With so many handgunners looking to increase the performance of their pistols, it’s only natural that there’s a fair amount of experimentation with new calibers. One of the ways that’s been done is by necking down cases to accept smaller diameter bullets. That was the origin of the 9x25 Dillon and the .357 SIG. And as larger cases were necked down, the .400 Cor-Bon was born.
The .400 Cor-Bon is not much more than a .45 ACP case necked down to take 10mm bullets. It operates at higher pressures than the .45 ACP but lower pressures than the 10mm Auto. That allows it to offer performance similar to the 10mm, but with less felt recoil. The .400 Cor-Bon also differs from the similar but larger .40 Super, which features a longer case, higher pressures, and significantly increased performance.
It also allows pistols chambered in .45 ACP to be easily converted to fire a cartridge with similar power to the 10mm. This includes pistols such as the Glock 21 and the Colt 1911 family. Colt 1911 pistols chambered in 10mm have often had problems with cracking as a result of the powerful recoil of full house 10mm loads. The .400 Cor-Bon eliminates those issues.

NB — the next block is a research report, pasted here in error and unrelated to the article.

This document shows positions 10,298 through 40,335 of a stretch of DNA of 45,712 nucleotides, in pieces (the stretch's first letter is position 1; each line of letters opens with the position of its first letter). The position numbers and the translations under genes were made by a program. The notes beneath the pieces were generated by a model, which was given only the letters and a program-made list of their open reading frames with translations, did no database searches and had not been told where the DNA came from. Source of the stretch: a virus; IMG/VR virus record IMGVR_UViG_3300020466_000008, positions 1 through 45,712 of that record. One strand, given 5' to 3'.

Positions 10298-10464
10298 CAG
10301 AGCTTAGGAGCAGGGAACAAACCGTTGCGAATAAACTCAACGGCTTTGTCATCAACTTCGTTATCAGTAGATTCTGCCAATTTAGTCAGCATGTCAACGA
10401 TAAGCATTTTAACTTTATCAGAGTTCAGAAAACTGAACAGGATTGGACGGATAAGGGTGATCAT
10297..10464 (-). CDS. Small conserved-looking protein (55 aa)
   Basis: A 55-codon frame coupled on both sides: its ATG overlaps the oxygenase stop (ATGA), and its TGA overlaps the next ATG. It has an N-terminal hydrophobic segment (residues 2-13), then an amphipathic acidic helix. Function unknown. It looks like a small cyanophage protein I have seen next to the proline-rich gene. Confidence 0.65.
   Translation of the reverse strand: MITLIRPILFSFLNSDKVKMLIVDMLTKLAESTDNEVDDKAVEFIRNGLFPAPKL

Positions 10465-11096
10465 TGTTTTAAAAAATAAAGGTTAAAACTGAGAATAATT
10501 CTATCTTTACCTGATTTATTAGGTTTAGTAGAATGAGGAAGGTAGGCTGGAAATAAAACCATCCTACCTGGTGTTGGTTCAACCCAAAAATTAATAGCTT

The .400 Cor-Bon offers impressive performance, pushing a 135-grain bullet to 1,500 feet per second and a 165-grain bullet to 1,300 feet per second, for 620-675 foot-pounds of muzzle energy. The downside to the cartridge is that there are no commercially available loads in heavier bullet weights such as 180-grain and 200-grain, which really provide the 10mm Auto some of its top performance, especially against wild game.
There are also nearly no sources of .400 Cor-Bon ammunition, with Cor-Bon and Underwood being the only two that really loaded the round. Factory ammunition from Cor-Bon is going to be expensive too, at $1.75 per round. That’s why most .400 Cor-Bon shooters decide to handload. While brass, bullets, and dies are still readily available, supplies seem to be dwindling as newer shooters increasingly forget that cartridges like the .400 Cor-Bon exist.
If you have a .400 Cor-Bon barrel already, it could provide a useful addition to or change of pace from your current .45 ACP pistol. But unless you’re able to build up a good supply of ammunition, your survival armory might be better served by a pistol in a more commonly available caliber.